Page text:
Everyone’s Majoring on the Minors

Because of this, liberals have walked into a double cultural and political trap. First, they grew convinced that victory was theirs or had become the normal or baseline condition of contemporary history. Second, they came to believe that their string of victories advancing the causes of social justice was actually incremental, thanks to old-style bigots and new-school racists.

In fact, the old bigots are swiftly aging out of influence, while the already meager influence of the new racists, out of all proportion to the attention they have attracted, is continuing to wane. We have seen this pattern before, in the Bush years, when neoconservatives concluded simultaneously that victory was inevitable in the short term but blocked by people too reconciled to evil. That double bind led to the infamous “Mission Accomplished” moment—not the first time a seemingly supreme and triumphant movement far outstripped its sociopolitical supply lines, only to face a crushing reversal from which it has still not recovered.

On the whole, the organized left feels as if progress toward justice is moving with unacceptable slowness. It is true that Republicans have long felt the exact opposite, that progress toward injustice is moving with intolerable speed.

But the Republican Party has been troubled for generations and became too fragmented among ineffective groups to describe and critique the failing-yet-dominant liberal order in a way that could draw out and mobilize the shadow constituency rising now to lead the post-“Nazi” alternative right. Liberals have focused so much on their public fight with old bigots and new racists that it is too late for them to compensate for the losses inflicted in their more private and consequential repression of the younger-and-wiser new right.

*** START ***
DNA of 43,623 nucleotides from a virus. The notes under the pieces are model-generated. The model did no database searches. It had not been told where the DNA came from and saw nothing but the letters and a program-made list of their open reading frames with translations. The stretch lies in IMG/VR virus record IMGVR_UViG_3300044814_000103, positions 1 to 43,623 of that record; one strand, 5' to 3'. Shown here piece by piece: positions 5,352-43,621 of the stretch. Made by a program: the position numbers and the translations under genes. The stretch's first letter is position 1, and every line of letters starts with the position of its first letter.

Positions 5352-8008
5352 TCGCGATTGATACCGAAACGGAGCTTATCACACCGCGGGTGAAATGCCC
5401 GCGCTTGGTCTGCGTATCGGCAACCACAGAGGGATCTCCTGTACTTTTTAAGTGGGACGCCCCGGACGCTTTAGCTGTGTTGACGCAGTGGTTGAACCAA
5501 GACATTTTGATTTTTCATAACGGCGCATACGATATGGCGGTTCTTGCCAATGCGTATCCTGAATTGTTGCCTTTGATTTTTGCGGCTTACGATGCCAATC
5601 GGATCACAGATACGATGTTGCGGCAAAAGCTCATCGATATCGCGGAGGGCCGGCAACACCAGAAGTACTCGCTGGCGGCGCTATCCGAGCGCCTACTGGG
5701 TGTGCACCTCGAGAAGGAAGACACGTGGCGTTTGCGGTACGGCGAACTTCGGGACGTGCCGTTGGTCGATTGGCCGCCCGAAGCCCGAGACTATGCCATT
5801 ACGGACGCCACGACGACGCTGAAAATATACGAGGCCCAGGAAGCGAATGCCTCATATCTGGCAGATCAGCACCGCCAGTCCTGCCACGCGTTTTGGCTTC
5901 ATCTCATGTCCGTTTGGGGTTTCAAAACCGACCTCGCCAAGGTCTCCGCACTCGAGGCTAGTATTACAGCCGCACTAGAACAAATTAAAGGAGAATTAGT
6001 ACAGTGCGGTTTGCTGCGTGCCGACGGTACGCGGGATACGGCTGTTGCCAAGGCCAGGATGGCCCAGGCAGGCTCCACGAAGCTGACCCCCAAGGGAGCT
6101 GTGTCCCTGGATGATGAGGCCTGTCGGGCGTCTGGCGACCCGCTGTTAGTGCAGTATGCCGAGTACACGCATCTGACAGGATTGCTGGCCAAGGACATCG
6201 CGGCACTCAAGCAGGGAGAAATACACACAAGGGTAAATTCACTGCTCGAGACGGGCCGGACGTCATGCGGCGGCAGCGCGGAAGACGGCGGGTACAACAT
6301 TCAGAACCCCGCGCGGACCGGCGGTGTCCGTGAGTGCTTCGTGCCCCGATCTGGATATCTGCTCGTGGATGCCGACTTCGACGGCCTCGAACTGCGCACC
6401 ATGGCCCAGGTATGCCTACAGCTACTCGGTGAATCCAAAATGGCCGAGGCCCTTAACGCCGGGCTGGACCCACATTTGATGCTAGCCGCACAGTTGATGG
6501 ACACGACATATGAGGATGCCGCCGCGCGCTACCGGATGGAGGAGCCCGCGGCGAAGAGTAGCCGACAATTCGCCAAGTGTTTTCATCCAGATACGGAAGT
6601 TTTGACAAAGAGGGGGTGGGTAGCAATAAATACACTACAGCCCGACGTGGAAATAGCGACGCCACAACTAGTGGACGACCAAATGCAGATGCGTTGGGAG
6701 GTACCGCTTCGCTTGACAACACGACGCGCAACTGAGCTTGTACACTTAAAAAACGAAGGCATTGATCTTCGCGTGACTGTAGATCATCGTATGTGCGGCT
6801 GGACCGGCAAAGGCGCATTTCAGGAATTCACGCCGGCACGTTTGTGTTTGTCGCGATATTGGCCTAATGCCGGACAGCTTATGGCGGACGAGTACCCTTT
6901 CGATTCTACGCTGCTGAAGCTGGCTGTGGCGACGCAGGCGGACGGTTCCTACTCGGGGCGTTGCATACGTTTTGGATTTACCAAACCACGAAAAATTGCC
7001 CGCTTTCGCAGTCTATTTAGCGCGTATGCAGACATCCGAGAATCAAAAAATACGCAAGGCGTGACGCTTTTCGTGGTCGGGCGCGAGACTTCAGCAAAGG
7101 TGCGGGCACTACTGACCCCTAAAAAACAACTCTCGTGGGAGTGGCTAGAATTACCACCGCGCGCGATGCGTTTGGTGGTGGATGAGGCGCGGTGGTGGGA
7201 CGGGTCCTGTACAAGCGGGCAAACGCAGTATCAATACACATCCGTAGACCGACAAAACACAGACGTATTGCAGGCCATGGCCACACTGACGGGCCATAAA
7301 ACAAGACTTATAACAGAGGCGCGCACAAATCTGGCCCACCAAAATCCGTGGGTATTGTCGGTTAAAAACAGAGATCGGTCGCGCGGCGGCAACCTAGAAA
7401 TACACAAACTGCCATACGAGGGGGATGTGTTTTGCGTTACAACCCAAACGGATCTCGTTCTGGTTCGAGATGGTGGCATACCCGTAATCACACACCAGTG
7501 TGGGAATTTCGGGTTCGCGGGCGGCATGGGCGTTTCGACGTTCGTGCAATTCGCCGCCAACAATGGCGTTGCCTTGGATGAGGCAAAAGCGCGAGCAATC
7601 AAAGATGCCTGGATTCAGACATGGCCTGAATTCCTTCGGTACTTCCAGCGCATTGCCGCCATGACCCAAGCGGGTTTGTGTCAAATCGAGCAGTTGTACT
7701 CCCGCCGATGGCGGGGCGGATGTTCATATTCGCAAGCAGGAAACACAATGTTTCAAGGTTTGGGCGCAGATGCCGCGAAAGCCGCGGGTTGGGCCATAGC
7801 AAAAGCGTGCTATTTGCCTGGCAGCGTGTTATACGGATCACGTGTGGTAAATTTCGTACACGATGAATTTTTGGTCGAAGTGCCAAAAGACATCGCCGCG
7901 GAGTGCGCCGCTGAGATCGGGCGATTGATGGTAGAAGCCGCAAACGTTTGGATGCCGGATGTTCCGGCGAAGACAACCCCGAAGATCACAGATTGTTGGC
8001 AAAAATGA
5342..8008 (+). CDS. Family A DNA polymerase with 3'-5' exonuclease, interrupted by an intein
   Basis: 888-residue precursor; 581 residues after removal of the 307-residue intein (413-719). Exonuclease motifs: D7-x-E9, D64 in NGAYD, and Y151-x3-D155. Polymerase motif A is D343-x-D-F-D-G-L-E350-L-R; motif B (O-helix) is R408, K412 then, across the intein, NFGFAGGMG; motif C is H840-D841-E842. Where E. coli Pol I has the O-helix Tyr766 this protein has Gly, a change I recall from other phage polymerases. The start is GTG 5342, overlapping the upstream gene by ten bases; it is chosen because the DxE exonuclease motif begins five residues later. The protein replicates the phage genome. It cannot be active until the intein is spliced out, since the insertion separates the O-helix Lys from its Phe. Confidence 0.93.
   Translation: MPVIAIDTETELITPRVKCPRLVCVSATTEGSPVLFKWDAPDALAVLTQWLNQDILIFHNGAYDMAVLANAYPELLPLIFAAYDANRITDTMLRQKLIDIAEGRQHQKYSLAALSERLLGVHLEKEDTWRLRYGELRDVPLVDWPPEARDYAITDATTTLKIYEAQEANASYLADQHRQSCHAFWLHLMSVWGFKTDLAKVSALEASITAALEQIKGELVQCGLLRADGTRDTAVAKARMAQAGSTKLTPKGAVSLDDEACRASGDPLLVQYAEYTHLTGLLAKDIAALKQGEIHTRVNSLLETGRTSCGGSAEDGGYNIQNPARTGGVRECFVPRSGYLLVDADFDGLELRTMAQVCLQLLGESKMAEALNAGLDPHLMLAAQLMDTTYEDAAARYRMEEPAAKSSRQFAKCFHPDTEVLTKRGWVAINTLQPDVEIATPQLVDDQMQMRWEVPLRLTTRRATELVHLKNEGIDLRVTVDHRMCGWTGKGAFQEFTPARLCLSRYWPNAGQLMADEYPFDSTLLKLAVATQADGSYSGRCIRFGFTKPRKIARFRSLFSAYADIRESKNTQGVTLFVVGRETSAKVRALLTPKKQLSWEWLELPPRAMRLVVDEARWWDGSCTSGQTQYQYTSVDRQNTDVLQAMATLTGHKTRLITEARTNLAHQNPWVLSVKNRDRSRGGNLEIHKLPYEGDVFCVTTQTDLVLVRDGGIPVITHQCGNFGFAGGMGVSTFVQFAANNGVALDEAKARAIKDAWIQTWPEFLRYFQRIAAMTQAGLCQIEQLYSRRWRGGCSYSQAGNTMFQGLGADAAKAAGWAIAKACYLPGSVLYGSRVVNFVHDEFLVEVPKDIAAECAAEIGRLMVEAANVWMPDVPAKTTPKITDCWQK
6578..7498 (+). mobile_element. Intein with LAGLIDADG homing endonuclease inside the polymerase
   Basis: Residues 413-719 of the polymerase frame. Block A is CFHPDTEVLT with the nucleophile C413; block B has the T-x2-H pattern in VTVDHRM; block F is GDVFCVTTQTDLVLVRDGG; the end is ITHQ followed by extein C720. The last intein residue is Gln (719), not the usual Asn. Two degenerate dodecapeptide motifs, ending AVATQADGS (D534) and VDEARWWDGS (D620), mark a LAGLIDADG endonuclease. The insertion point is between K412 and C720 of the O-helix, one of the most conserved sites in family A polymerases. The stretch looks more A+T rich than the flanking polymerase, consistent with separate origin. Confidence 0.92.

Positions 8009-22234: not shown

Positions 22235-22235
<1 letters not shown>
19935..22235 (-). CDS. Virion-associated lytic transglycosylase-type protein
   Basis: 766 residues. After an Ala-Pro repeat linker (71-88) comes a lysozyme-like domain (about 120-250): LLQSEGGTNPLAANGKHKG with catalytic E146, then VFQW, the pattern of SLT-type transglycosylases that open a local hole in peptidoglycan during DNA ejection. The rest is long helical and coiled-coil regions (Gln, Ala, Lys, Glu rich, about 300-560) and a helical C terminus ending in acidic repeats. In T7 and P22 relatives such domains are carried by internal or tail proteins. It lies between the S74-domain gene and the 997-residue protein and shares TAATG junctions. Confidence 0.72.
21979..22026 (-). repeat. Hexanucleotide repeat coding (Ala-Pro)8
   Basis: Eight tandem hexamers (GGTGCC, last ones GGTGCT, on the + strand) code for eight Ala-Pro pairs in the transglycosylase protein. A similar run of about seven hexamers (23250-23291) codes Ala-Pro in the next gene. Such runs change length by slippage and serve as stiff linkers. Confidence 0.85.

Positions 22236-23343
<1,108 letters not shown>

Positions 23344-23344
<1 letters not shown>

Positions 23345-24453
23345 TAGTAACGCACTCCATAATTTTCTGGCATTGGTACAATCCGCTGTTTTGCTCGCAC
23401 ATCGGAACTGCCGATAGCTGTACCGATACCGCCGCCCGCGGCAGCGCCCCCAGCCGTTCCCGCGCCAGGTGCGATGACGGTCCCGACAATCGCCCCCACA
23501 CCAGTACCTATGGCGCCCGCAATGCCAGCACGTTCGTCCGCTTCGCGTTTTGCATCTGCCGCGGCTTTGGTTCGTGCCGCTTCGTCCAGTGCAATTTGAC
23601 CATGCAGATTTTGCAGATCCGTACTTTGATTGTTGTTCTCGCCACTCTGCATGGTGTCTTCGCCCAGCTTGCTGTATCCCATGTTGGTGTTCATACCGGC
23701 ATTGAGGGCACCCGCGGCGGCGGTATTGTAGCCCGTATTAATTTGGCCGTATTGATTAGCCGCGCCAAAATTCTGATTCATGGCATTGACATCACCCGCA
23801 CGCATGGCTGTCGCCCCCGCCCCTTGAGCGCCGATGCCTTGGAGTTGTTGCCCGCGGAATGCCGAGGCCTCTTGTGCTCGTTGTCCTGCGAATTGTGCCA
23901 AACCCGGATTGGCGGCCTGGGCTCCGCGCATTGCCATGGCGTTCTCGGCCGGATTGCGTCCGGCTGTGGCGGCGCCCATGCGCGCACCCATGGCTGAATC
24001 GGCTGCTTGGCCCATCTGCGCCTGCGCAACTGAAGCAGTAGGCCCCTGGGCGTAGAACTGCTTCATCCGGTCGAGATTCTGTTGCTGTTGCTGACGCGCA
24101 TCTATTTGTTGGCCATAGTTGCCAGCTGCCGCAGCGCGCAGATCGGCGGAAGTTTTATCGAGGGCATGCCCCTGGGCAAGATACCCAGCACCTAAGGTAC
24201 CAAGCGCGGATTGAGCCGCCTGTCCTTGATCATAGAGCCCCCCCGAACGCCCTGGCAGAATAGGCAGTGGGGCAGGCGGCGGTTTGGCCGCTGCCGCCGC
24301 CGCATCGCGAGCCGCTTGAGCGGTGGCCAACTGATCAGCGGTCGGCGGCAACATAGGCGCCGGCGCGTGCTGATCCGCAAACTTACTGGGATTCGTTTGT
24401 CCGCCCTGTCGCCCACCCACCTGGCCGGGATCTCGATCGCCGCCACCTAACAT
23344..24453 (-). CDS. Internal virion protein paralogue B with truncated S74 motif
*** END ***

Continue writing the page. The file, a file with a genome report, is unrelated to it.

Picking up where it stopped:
The Conflict You See Is Not the Most Important One

So much of today’s political anxiety, regardless of ideology, swirls around fears that the Old World has come lurching across the Atlantic to drag us New Worlders kicking and screaming back into the hell of its history. On the Right, people fear that the logic of equality will finally catch up with America, stripping away our exceptionalism, sinking us into socialism, and supplanting our vibrant faith with enervated secularism. On the Left, the fear is the opposite—that the invidious logic of inequality will make us just another preening and paranoid ethno-nationalist garrison state fueled by superstition and exploitation.

True, the cosmopolitanism of those on the next wave of the “alternative” right reads America’s impasses against the successes of “unlikely” regimes ranging from the Habsburg or Byzantine Empires to the republics of Singapore or Venice. It is poised to process the social engineering plans of the dominant tech firms more in Old World terms (bad kings antagonistic to free lords) than New World ones (innovators leveling the playing field on new frontiers).

But as Charlottesville has already begun to show, their fusion of New and Old World patterns of thinking will make far larger and deeper an impact on the re-founding of the American social order to come than any rough continental beast trying, at last, to come round.

James Poulos is the author of "The Art of Being Free, out January 17 from St. Martin's.